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Subjects were randomized to receive either tositumomab (Anti-B1 Antibody) and iodine I 131 tositumomab (Arm A) or unlabeled tositumomab (Arm B). Subjects randomized to Arm B were allowed to cross over and receive I 131 tositumomab once their disease had progressed as long as they still fulfilled the protocol entry criteria (except for exclusion criterion 12, prior monoclonal antibody therapy) and were human anti-murine antibody (HAMA) negative. Study endpoint assessments of response were conducted by a Masked Independent Randomized Radiographic and Oncologic Review (MIRROR) panel and the Study Investigators' assessments of safety and survival. Subjects who completed at least two years of follow-up in Protocol BEX104515 (formerly Corixa Protocol RIT-II-002) were enrolled in long term follow-up Protocol BEX104526 (formerly Corixa Protocol CCBX001-051), an administrative protocol, for continued radiographic response evaluations and safety evaluations every 6 months for years 3 through 5 post-treatment and annually for years 6 through 10 post-treatment. Subjects in BEX104526 were assessed for survival, disease status, subsequent therapy for NHL, and long-term safety, including the use of thyroid medication, development of hypothyroidism, human anti murine antibody (HAMA), myelodysplastic syndrome, acute myelogenous leukemia, and all other secondary malignancies. Additionally, subjects were followed for the development of any adverse event(s) deemed by the Principal Investigator as being possibly or probably related to a subject's previous treatment with Iodine I-131 tositumomab. Laboratory evaluations consisting of a thyroid stimulating hormone level and a complete blood cell count, with a differential and platelet count, were obtained annually through year 10 post-treatment.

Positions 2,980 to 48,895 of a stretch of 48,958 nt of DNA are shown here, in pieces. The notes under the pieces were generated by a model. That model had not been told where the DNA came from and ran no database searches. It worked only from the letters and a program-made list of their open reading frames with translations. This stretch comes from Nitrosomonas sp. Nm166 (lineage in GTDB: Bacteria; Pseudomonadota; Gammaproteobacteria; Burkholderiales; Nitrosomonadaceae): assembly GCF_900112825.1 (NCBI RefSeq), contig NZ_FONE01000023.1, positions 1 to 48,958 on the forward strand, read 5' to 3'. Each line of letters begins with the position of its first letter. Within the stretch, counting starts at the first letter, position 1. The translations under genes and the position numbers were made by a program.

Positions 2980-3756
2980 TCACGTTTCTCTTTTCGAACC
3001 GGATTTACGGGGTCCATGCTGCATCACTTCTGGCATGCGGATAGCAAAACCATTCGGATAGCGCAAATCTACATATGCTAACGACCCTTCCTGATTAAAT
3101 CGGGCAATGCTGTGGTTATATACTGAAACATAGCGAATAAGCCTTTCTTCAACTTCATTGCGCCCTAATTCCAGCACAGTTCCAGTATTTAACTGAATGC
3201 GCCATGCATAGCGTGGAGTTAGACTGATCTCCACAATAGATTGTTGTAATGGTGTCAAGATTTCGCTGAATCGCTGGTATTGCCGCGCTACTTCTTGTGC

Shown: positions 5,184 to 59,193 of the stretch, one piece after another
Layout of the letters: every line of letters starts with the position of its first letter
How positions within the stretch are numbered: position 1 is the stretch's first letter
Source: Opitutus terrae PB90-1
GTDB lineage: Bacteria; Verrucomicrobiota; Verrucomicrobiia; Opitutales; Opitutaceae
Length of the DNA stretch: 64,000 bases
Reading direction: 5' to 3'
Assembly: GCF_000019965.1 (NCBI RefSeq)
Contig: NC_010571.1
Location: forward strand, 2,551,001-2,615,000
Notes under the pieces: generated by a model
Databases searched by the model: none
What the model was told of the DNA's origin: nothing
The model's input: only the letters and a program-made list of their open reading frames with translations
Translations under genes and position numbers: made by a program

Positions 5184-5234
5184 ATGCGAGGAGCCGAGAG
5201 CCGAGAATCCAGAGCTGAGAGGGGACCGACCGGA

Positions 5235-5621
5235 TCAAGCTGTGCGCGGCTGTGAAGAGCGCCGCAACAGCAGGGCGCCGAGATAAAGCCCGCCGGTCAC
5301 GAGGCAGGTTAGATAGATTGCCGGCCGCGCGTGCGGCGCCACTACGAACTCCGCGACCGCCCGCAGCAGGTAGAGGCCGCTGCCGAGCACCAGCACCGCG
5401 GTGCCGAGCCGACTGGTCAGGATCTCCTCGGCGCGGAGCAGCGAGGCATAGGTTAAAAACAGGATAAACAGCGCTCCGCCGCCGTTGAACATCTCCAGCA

Dosimetric Dose: Subjects received 450 mg of tositumomab IV followed by 5.0 mCi of Iodine I-131 and 35 mg of tositumomab. Following the dosimetric dose, whole body dosimetry was performed on each subject using a total body gamma camera. Whole body anterior and posterior whole body images were obtained at the following timepoints.